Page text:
(Financial Times)


Companies are crushing their top and bottom line estimates so far…

@bespokeinvest: Companies have managed to beat EPS and revenue estimates at a very high rate so far this season, even as analysts have been upping estimates at the fastest rate in years.

And as you would expect, Companies are also increasing their estimates…

A surge in earnings revisions has kept forward-looking valuation multiples flat even as the S&P 500 price has soared to new record levels. Since the passage of tax reform in late December, consensus estimates for 2018 EPS have risen by 5% to $154 from $147. With only 26% of S&P 500 companies having reported earnings so far this season, we expect estimates will continue to rise as the earnings season continues.

(Goldman Sachs)

(@DriehausCapital)

Some very big earnings movers so far this season…

(Through 1/26/18)

This is the major earnings hump week of the season for the S&P 500…

(@eWhispers)

Last week was a positive one for all asset classes except for the U.S. Dollar…

(1/26/18)

The week also saw gains from every sector of the market…

Unfortunately, the largest company in the market could not ‘iPhone in’ a gain. Maybe this week… if they cure the ongoing iPhone production worries.

(1/26/18)

Breadth in the market for the week ended stellar…

Looking at the ACWI, this is shaping up to be the best January performance in my investment career…

(WSJ)

For U.S. investors happy with their +7.5% return in 2018, they could have done even better investing in any of these foreign markets…

(1/26/18)

And this trend could continue…

(@MarioGabelli)

An example of market efficiency…

Caterpillar is a very over-researched and analyzed stock. Thus, it should not be a surprise that the stock price of CAT will tell you the direction of their business. As you can see below, the stock price turned almost exactly 12 months ahead of its order growth going positive.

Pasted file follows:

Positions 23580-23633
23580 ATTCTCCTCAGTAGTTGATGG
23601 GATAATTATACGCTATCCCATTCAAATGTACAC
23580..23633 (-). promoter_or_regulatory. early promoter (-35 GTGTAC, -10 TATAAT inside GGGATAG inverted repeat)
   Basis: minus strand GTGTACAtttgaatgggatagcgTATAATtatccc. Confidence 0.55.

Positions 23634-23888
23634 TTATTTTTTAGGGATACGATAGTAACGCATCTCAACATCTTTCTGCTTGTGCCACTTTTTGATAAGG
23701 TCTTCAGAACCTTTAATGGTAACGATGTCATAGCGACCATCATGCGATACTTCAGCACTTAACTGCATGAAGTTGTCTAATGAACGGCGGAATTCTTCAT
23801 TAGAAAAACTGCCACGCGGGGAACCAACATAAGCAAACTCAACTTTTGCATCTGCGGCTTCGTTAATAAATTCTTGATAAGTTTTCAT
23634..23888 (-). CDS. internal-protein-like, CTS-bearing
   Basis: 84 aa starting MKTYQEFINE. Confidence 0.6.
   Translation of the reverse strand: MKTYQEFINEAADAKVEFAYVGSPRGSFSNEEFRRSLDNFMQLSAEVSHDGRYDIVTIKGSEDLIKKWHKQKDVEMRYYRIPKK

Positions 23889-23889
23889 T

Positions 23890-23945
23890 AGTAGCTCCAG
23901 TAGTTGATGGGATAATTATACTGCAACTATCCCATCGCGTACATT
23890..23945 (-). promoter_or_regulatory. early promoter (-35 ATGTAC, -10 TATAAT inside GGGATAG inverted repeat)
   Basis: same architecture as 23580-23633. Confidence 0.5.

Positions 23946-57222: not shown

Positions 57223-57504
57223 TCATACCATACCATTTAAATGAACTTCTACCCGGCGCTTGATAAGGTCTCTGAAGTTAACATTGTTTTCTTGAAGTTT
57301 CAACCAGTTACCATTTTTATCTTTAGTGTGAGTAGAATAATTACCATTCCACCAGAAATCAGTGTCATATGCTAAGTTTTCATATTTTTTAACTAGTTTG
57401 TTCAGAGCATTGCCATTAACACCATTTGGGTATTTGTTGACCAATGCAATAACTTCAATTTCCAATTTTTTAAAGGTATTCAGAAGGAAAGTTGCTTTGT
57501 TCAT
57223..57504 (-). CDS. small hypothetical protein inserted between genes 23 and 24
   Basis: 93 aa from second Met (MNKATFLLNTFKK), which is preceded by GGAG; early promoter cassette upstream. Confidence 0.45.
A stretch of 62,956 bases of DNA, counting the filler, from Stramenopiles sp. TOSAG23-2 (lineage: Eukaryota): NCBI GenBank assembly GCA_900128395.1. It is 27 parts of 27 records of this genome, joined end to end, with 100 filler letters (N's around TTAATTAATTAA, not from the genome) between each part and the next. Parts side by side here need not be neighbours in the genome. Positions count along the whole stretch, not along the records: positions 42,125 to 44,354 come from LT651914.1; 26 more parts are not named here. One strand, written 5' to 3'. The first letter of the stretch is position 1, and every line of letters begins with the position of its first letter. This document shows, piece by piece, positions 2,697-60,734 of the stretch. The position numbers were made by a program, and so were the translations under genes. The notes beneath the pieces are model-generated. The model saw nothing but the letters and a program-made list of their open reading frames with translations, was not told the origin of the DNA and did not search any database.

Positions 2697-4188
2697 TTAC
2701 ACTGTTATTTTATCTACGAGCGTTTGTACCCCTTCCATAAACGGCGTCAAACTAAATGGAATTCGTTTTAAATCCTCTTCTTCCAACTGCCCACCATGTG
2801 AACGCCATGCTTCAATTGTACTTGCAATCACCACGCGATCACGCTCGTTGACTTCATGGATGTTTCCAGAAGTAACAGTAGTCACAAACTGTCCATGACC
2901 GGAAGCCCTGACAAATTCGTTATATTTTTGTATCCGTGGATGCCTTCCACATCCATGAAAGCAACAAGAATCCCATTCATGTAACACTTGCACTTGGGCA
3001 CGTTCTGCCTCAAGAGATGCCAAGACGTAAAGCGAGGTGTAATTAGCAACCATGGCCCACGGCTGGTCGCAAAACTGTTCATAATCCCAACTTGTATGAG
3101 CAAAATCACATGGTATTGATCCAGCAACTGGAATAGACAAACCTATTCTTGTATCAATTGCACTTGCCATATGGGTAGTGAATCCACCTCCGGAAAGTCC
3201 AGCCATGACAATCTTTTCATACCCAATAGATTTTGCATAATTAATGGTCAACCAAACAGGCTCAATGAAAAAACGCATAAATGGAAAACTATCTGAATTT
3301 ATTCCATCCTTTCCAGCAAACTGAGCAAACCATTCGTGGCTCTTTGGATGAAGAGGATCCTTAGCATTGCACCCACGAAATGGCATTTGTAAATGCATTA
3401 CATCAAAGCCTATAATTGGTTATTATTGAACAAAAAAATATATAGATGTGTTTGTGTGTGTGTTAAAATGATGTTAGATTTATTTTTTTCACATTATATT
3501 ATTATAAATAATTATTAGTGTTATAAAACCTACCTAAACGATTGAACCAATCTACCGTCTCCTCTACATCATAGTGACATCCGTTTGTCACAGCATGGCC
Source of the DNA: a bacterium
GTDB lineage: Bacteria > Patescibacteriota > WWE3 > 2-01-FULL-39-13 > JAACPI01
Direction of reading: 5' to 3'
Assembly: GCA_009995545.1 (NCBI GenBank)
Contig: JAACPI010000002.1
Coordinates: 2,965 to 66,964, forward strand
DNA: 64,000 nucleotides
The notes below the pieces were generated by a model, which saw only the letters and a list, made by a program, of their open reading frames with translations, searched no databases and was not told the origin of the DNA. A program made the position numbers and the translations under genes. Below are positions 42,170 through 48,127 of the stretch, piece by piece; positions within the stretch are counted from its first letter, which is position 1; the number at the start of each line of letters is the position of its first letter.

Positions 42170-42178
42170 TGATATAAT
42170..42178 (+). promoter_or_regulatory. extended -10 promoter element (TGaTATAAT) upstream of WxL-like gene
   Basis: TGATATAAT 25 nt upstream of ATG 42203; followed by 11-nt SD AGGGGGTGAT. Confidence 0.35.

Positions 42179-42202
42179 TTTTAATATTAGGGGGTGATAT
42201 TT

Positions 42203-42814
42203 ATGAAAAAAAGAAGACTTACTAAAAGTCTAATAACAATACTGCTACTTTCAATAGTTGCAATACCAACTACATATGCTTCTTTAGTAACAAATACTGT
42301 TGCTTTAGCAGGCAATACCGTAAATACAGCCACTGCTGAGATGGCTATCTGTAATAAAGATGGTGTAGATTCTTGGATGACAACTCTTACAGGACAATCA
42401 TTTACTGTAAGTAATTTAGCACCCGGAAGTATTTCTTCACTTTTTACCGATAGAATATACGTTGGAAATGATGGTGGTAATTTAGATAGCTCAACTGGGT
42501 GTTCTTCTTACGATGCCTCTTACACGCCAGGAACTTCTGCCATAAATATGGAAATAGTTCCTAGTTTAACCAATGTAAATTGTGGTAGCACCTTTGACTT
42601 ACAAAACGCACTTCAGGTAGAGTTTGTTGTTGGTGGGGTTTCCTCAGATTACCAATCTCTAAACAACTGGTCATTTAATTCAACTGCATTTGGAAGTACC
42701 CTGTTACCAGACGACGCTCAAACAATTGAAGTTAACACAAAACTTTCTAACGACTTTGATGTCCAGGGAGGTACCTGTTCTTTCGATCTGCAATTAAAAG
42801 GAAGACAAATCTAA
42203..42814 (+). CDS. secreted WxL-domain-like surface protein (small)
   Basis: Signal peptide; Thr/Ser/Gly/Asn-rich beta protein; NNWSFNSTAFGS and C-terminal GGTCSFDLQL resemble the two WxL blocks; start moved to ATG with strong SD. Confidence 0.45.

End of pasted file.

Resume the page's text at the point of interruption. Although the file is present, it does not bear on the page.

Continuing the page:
Some companies will have difficulty managing costs as the economy continues to heat up. Here, Ford drops the ball…

“The changes in commodity prices and exchange rates that we’ve seen over the last several years have had a material effect on the business,” Chief Financial Officer Bob Shanks told analysts Jan. 16 at a Deutsche Bank conference in Detroit. “We see that continuing in 2018.”

The price of steel, Ford’s biggest commodity purchase, has spiked 18 percent since the start of last year. Aluminum, used for the bodies of F-Series trucks, is up by nearly a third.

(Bloomberg)


The top crane city in the U.S. sees a slowdown…

Seattle was the only big U.S. city to see its crane count drop in the latest survey.

The city’s lead over others shrunk by half, with just nine cranes now separating it from three cities tied with the second-most cranes — Los Angeles, Denver and Chicago.

Seattle first topped the nation in cranes in July 2016 and has kept the top spot in every count since. Before now, its totals hadn’t changed much over the last few years — hovering consistently around 60 cranes at any given time — but the latest count is the lowest since the city dropped to 42 cranes in July 2015.

(Seattle Times)

Sorry Denver, expect Amazon to drop several cranes in the D.C. area…

@carlquintanilla: DA Davidson hikes $AMZN target to $1800 (a street high), and says suburban DC will get #AmazonHQ2


Finally, House of Cards: Season Six started shooting last week…

And Lastly…